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Long run of Griffeys comes to an end

Long run of Griffeys comes to an end

SEATTLE -- A 36-year streak ended on Thursday.

The obscure run ended when the Mariners removed Ken Griffey Jr. from their 40-man roster, the first time since July 2, 1974, that a player named Ken Griffey was not part of a Major League roster -- active or on the disabled list.

"Thirty-six years? Wow, that's a long time," Ken Griffey Sr. said during a telephone interview from the Dayton Dragons' clubhouse. "I mean, I hadn't even thought about that. But it's a long time."

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The Mariners' latest roster move came one day after Junior announced the end of his 21-year, two-month MLB career, a career so good that he surely will be a first-ballot Hall of Fame selection and head the Class of 2016.

Senior, the Dragons' batting coach, said the only thing that surprised him about his son's retirement was the timing.

Ken Griffey Jr.
Junior calls it a career
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"I thought it would be sooner," he said.

How did he find out?

"I called him yesterday and he said he was in his car driving home from Seattle," the senior Griffey said. "He seemed very happy with his decision. He sounded pretty good when I talked to him.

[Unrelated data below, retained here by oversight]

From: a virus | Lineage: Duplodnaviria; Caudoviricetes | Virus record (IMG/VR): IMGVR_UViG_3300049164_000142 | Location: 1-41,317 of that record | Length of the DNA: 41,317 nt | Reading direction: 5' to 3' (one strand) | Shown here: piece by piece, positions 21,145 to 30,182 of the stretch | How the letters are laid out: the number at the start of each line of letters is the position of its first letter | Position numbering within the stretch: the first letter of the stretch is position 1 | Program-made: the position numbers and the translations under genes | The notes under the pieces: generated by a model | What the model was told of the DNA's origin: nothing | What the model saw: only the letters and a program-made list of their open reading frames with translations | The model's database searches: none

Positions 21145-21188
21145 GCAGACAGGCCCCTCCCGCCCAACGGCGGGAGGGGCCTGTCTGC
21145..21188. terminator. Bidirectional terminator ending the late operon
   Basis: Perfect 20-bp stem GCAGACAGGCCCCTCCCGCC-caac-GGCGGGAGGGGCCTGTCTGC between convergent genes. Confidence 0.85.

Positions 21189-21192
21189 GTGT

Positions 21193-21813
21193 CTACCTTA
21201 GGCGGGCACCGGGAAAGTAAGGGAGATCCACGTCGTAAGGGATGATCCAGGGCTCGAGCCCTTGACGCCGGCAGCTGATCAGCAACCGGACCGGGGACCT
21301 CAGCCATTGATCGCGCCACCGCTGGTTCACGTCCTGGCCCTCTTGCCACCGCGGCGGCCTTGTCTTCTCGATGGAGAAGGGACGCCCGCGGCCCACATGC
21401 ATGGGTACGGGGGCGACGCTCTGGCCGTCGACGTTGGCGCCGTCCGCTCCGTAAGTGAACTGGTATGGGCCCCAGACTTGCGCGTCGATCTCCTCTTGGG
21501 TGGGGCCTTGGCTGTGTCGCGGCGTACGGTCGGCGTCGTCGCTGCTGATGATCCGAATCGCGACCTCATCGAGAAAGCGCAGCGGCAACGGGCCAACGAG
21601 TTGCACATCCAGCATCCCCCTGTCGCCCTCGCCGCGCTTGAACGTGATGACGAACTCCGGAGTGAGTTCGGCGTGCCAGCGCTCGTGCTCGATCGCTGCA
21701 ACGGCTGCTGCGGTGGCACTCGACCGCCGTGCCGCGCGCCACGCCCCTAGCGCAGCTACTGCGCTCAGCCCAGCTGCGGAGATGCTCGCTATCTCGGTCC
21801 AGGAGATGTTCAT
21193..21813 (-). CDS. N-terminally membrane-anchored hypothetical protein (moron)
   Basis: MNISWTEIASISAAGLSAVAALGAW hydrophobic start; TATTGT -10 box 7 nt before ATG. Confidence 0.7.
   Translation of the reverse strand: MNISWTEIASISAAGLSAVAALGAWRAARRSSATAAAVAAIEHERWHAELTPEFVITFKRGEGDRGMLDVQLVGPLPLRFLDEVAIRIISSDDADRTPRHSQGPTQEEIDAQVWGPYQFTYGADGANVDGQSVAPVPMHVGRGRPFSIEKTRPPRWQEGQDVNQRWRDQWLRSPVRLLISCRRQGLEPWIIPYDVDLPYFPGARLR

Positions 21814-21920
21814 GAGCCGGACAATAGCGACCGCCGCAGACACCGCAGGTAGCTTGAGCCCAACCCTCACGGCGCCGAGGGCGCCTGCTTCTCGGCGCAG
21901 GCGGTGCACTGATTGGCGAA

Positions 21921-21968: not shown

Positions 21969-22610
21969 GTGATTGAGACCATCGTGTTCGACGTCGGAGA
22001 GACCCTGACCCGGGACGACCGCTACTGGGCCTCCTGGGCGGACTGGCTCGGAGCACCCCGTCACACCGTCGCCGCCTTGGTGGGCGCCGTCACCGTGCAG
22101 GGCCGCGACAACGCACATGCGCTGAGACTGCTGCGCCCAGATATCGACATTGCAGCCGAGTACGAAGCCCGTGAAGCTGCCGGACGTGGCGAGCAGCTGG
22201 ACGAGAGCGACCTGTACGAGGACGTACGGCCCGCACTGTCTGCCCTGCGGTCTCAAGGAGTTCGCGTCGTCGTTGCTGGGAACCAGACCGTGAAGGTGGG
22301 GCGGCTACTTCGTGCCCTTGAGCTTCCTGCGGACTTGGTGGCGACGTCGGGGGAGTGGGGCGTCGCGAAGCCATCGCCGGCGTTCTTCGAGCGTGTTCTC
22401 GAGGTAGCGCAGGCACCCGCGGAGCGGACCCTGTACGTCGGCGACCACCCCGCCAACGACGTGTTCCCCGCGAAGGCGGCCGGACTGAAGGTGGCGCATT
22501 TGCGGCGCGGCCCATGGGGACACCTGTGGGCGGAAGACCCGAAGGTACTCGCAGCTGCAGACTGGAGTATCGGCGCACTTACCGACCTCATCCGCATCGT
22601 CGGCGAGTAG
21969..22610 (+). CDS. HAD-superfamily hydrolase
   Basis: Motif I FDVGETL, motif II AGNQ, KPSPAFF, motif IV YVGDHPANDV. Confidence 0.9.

"I was glad to hear that he seemed happy about it. That was the main thing for me. I think it's kind of a relief for him for [his career] to be over."

Senior Griffey hesitated for a couple of seconds when asked about his son's career.

"Where do you start?" he said. "It was just a heck of a career -- 630 home runs, 13-time All-Star, 10 straight Gold Gloves ... a great career."

Senior said he knew his namesake son would be a good player, but perhaps not as good as he became.

"I saw it coming when he was 14; I was playing for the Yankees, and I couldn't strike him out in batting practice, no matter how hard I tried," he laughed. "Up until then, I could."

Griffey Sr., who split the 1973 season between Triple-A Indianapolis and Cincinnati, reached the big leagues for good midway through the '74 season. He played for the Reds twice, Yankees, Braves and Mariners before playing his final game on May 31, 1991 -- exactly 19 years before Junior played his final game.

Griffeys by the numbers
A quick glance at how Ken Griffey's statistics compare to those of his son, whose career has come to a close after 22 seasons.
Player
Yrs
G
AB
R
H
2B
3B
HR
RBI
BB
SO
AVG.
Griffey Sr.192,0977,2291,1292,14336477152859719898.296
Griffey Jr.222,6719,8011,6622,781524386301,8361,3121,779.284
Totals414,76817,0302,7914,9248881157822,6952,0311,877.289

"That's quite a coincidence, isn't it?" Senior said.

The 36 years of Griffeys were impressive, to say the least.

• Chosen as the All-Star Game Most Valuable Player -- Senior in 1980 and Junior in '92.

• Senior played on three World Series championship teams, but Junior struck out.

• Selected to 16 All-Star Games between 1976 and 2007, Junior leading with 13.